It’s a somewhat ironic development for a filmmaker who, as a cast member in “Free Guy” last year, parodied business-driven sequel requests and who once recoiled from the idea of spending long months in post-production at Marvel Studios in Burbank, California.
“It’s more just the idea of Burbank as a place,” says Waititi. “Going there is fine if you close your eyes and ignore the fact that you are in Burbank and eating Burbank food for lunch.”
But how much of Waititi’s anarchic spirit can Hollywood’s biggest franchises bear?
“Ragnarok” has grossed $850 million worldwide, and expectations are similar for “Love and Thunder.” His ability to connect with mass audiences — despite his best efforts to subvert expectations — is surpassed by a few current filmmakers. Still, something like “Star Wars” has been particularly resistant to comedic tonal changes – something Waititi is acutely aware of.
“It has to sound authentic to my tone,” he says of the “Star Wars” movie first announced two years ago. “I wouldn’t say that any of my films are just comedy. I’ve never done great comedy. I’ve never done anything that’s just jokes. There is always something that resonates or touches on a human issue. They are all about family. These are (expletive) families. I don’t believe that blood makes you family at all.
“Families are just a hodgepodge of people who gravitate towards each other,” adds Waititi who was raised by a Jewish mother, a largely absent Maori father (they separated when Waititi was 5) and a wide range of parents. “My family is so gigantic. It’s thousands of people.
This includes collaborators like Jemaine Clement (with whom Waititi did “What We Do in the Shadows”), Rhys Darby (currently paired on the HBO Max series “Our Flag Means Death”) and many more. Another is Sterlin Harjo, whom Waititi met on the festival circuit years ago, where they bonded as Indigenous artists with a similar sense of humor. Waititi helped Harjo get his famous FX series “Reservation Dogs”, about four Native American teenagers in Oklahoma, off the ground.
“The way Taika directs, the way he does things, it’s all about spontaneity,” said Harjo, who will debut the show’s second season next month. “This is the magic trick of it all. Having everything at the same time is where the creativity lies for him. It’s like he’s operating at that level where he has to make everything buzz.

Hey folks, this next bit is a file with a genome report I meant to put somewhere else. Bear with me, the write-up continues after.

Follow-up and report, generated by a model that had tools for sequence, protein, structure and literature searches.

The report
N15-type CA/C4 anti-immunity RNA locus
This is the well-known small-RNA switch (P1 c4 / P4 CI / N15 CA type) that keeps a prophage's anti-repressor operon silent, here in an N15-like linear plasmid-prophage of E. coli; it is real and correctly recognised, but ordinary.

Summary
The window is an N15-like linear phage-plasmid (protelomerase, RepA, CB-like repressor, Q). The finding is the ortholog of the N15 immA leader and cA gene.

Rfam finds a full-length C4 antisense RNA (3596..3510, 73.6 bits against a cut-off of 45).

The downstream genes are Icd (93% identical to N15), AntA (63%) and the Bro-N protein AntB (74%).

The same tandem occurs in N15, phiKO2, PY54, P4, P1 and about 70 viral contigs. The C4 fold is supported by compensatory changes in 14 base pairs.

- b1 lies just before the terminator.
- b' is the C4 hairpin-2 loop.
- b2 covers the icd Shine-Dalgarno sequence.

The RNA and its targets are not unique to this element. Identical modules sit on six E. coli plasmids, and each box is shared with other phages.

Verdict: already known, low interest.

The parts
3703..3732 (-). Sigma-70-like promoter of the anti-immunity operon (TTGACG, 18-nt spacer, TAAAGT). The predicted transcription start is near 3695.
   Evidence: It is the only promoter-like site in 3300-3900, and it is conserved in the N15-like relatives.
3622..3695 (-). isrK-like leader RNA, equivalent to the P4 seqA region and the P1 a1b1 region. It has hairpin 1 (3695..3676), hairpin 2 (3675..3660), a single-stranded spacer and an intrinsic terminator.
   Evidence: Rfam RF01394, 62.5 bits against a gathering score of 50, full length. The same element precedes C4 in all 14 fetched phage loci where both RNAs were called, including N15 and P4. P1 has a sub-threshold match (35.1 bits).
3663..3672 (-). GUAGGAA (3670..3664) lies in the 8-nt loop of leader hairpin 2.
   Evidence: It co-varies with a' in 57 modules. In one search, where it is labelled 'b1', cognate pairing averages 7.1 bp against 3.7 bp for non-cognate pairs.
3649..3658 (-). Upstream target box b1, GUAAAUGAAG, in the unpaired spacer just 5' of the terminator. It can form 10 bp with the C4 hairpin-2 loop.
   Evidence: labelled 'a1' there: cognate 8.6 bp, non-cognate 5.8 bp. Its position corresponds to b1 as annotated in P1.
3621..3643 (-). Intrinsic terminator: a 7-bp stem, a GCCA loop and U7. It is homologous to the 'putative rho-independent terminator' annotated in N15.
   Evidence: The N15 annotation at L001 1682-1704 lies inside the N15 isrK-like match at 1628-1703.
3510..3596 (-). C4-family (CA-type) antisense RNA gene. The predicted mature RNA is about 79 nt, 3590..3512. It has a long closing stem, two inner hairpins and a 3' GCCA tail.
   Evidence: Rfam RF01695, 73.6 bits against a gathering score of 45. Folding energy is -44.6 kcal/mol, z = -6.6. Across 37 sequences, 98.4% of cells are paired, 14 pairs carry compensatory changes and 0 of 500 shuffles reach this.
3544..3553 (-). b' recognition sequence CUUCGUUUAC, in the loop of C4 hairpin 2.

The love of “Love and Thunder,” which Waititi co-wrote, applies most directly to the relationship between Thor and Jane, but it also relates to other aspects of the “Thor” sequel, including the Christian Bale’s grieving villain and the kidnapped children who play increasingly central roles in the film. Waititi, who has two daughters with film producer Chelsea Winstanley (they split in 2018), relied on her children and others to help design the monsters for the film. Hemsworth’s children, Bale and Portman all appear in the film.
“It’s nepotism at its finest,” says Waititi. “And why not? It’s a movie about parenthood and putting someone else before yourself.
The primacy of children in “Thor: Love and Thunder” is also very much in line with Waititi’s other films. “Boy” was loosely based on his own 1980s childhood in Waihau Bay. His first short film, nominated for an Oscar “Two Cars, One Night” tells the story of a girl and a boy who become friends while waiting for their parents in a parking lot outside a pub. The army of children helping to save the day in “Love and Thunder” is just the latest uprising in Waititi’s ongoing war on adulthood. In the end, even Thor was no match for it.
By JAKE COYLE, AP Screenwriter.